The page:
SCUTELLATION: ventrals 217-224 (avg. = 220.8+/-3.3, n=4); subcaudals 48-53 (avg. = 50.7+/-2.5, n=3); ventrals + subcaudals 267-274 (270.3+/-3.5, n=3); dorsal scales keeled; scale rows 27-29 at midbody; anal plate entire; infralabials 10-10, 12-12, and 12-13; supralabials 8-8 (2), 8-7 (1); loreal scale present; preoculars 1-1; postoculars 2-2, 2-3, 3-3, and 3-4; temporal scales 3+4/3+4 (2), 4+6/4+4 (1), or 4+5/2+3 (1); rostral scale elongated and partially separates nasal scales; four prefrontal scales present.

COLORATION and PATTERN: Dorsal body color cream, white, or yellow with a series of irregular black blotches that become more distinct posteriorly; anterior blotches are more diffuse and there is considerable melanism in the spaces between them; black lateral blotches alternate with dorsal blotches, except on tail; blotches usually black anteriorly, but may be brown posteriorly; white or yellow body scales usually edged in black; venter of body and tail cream, white, or yellow and patternless; head cream to white with irregular pattern of black spots on the dorsum; black crossbar connecting the eyes may be present; labial scales and chin white; supralabials may be partially edged in black. This a large, robust snake with a somewhat elongated snout.*10760*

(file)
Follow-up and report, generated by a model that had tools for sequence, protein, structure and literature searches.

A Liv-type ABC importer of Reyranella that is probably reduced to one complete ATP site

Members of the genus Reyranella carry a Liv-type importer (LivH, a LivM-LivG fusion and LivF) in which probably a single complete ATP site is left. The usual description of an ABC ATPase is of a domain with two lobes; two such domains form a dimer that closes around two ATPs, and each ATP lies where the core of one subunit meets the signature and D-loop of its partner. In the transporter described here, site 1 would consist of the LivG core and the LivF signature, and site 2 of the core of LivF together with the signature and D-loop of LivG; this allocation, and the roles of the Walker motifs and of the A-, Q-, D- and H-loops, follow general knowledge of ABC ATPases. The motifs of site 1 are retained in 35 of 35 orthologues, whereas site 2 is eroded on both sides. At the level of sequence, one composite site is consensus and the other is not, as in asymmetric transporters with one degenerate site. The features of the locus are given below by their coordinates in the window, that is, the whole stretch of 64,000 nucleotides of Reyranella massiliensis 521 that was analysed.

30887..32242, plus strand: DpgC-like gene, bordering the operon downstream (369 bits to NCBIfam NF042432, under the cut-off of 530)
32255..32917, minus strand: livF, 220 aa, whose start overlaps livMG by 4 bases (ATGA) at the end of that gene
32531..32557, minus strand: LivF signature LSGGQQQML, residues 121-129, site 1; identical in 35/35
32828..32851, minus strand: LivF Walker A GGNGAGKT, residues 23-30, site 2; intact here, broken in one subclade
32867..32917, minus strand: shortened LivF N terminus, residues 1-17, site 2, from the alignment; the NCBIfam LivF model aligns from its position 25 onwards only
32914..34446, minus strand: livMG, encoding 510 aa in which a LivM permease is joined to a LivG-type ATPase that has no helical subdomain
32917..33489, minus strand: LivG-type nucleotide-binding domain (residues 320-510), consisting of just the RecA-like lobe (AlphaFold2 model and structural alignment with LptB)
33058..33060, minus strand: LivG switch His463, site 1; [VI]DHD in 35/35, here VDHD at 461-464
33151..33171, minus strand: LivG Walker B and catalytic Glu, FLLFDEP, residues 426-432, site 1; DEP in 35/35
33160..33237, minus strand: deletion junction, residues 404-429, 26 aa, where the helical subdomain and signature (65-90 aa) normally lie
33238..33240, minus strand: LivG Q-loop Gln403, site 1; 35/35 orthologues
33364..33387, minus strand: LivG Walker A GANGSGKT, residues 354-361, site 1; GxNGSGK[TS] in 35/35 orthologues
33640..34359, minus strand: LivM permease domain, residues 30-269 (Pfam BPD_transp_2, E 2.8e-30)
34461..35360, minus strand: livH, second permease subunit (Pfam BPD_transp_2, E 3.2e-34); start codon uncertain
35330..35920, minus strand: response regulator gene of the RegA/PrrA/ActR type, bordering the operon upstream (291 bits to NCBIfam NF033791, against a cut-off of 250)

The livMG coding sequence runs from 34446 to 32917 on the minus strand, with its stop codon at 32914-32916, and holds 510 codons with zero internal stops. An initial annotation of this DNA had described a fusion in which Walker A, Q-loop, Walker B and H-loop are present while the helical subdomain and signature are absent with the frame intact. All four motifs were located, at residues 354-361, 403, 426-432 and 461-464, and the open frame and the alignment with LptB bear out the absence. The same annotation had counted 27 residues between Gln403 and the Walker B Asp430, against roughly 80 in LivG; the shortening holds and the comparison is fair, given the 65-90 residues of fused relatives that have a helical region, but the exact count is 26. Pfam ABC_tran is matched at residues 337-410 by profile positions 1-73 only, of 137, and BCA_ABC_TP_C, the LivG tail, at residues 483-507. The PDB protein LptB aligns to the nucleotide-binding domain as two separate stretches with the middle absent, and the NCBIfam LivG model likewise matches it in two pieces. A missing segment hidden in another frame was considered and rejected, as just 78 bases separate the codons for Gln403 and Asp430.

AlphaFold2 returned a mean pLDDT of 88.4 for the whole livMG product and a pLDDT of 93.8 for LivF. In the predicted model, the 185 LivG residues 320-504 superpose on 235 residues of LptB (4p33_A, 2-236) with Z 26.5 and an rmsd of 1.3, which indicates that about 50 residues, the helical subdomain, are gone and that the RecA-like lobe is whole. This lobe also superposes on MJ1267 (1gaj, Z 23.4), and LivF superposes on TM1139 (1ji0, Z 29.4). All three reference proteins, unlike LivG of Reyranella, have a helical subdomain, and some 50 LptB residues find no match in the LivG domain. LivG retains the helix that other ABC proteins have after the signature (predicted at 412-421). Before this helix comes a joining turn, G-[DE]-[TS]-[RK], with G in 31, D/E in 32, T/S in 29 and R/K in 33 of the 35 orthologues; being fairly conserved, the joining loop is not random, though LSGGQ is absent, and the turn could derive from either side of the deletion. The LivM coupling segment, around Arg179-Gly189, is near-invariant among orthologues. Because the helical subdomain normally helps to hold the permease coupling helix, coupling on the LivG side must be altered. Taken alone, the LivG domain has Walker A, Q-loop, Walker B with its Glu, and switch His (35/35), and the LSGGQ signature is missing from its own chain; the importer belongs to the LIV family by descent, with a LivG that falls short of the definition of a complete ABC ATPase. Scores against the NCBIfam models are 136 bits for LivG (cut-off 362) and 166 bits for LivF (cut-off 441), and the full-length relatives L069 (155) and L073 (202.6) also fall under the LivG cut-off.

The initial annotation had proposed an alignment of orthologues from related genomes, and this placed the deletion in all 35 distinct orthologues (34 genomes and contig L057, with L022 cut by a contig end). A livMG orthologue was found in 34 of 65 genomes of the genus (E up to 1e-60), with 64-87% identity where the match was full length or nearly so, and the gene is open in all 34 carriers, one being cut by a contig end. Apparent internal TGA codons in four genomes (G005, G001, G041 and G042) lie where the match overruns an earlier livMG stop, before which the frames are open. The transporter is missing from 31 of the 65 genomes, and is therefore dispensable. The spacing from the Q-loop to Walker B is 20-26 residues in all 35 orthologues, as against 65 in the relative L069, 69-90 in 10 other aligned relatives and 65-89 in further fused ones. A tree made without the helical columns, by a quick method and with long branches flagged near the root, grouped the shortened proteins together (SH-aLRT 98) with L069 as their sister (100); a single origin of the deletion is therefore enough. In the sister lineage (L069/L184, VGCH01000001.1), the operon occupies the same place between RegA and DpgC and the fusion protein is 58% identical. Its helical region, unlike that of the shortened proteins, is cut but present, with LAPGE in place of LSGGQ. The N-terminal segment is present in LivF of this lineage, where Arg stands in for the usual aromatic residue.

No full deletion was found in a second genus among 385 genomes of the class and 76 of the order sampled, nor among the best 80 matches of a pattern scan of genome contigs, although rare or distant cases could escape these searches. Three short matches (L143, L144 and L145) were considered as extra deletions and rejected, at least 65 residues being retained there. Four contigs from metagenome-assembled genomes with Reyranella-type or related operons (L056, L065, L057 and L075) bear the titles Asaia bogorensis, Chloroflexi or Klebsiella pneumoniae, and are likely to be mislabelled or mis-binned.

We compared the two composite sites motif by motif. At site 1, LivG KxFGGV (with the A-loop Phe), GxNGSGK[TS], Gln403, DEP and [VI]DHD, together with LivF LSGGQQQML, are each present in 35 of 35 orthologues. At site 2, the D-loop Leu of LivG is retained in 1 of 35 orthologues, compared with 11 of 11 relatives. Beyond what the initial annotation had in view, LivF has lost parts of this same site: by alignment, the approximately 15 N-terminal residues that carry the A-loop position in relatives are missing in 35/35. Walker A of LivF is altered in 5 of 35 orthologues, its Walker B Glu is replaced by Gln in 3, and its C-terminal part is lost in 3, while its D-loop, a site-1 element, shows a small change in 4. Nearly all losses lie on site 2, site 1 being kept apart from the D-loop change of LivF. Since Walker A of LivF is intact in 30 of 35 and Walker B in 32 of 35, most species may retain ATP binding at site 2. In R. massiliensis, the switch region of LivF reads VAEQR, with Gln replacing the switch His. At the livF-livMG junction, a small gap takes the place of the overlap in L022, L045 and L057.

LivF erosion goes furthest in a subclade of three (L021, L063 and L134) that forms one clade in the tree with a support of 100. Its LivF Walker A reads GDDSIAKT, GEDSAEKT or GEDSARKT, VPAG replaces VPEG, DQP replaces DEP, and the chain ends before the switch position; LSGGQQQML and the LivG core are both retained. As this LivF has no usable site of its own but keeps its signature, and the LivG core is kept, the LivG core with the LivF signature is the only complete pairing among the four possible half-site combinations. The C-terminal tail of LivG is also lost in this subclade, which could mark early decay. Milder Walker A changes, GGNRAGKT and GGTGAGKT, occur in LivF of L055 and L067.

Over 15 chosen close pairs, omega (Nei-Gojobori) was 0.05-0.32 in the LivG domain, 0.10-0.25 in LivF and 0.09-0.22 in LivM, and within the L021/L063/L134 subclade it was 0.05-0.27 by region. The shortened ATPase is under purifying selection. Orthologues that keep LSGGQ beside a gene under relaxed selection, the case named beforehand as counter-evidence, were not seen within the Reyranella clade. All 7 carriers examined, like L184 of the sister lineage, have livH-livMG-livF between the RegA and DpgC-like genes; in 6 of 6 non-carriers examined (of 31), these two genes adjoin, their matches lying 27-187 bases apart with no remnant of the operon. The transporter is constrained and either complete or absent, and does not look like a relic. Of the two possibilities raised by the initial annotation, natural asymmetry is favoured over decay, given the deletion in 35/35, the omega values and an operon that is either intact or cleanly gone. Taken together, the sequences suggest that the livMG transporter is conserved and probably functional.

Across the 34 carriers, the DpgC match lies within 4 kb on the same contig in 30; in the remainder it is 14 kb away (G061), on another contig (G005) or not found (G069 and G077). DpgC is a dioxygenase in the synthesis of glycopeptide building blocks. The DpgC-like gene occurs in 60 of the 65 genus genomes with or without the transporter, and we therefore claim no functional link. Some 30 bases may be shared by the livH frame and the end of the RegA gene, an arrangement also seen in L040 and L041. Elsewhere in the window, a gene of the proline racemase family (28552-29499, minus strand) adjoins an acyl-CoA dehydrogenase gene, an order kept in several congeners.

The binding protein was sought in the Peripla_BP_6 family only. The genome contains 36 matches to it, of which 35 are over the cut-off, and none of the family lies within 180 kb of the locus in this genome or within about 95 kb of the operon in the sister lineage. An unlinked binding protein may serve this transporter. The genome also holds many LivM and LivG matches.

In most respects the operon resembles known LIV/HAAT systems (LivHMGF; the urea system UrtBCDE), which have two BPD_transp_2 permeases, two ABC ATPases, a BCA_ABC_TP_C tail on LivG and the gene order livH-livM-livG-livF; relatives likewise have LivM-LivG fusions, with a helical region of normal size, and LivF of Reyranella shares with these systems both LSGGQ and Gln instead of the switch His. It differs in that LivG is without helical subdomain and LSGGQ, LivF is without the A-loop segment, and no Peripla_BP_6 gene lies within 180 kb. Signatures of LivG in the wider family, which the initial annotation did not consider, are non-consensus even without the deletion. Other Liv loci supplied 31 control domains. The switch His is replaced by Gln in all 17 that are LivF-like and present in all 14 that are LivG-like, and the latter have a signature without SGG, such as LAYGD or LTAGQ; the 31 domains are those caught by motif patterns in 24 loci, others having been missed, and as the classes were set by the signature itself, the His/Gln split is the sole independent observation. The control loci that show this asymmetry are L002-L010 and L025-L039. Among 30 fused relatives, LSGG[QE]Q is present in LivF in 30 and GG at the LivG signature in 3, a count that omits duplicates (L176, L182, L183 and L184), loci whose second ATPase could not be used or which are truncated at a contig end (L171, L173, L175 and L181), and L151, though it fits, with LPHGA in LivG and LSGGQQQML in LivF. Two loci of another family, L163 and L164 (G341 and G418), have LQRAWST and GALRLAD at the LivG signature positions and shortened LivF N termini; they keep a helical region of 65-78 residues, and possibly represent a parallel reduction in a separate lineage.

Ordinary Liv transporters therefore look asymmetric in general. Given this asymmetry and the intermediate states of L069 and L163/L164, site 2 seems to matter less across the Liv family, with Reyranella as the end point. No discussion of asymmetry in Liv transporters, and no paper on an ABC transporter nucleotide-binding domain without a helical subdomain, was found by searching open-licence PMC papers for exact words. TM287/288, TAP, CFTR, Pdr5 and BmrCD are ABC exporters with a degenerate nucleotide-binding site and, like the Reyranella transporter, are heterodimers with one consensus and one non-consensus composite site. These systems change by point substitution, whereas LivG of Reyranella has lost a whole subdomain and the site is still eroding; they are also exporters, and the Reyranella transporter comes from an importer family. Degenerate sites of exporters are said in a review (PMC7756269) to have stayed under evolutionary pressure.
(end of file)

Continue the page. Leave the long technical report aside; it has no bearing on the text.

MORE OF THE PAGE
SEXUAL DIMORPHISM: Sexual dimorphism cannot be described for Virginia P. melanoleucus due to the lack of specimens. Tail length/total length ration in males is 11-14% whereas in females it is 10-12.*10760* Juveniles: Juveniles are patterned as adults but have black on a white body. No data are available on hatchlings from Va. Hatchlings in New Jersey are 337-526 mm total length (avg. = 41.6) and weigh 23.2-41.4 grams (avg. = 32.4.*10760*

CONFUSING SPECIES: Pine snakes may be confused with hognosed snakes (Heterodon platirhinos), which also hisses. Hognosed snakes are usually multicolored with orange, red, black, and yellow, have a sharply upturned snout, and are smaller. They are not just black and white (or yellow).*10760*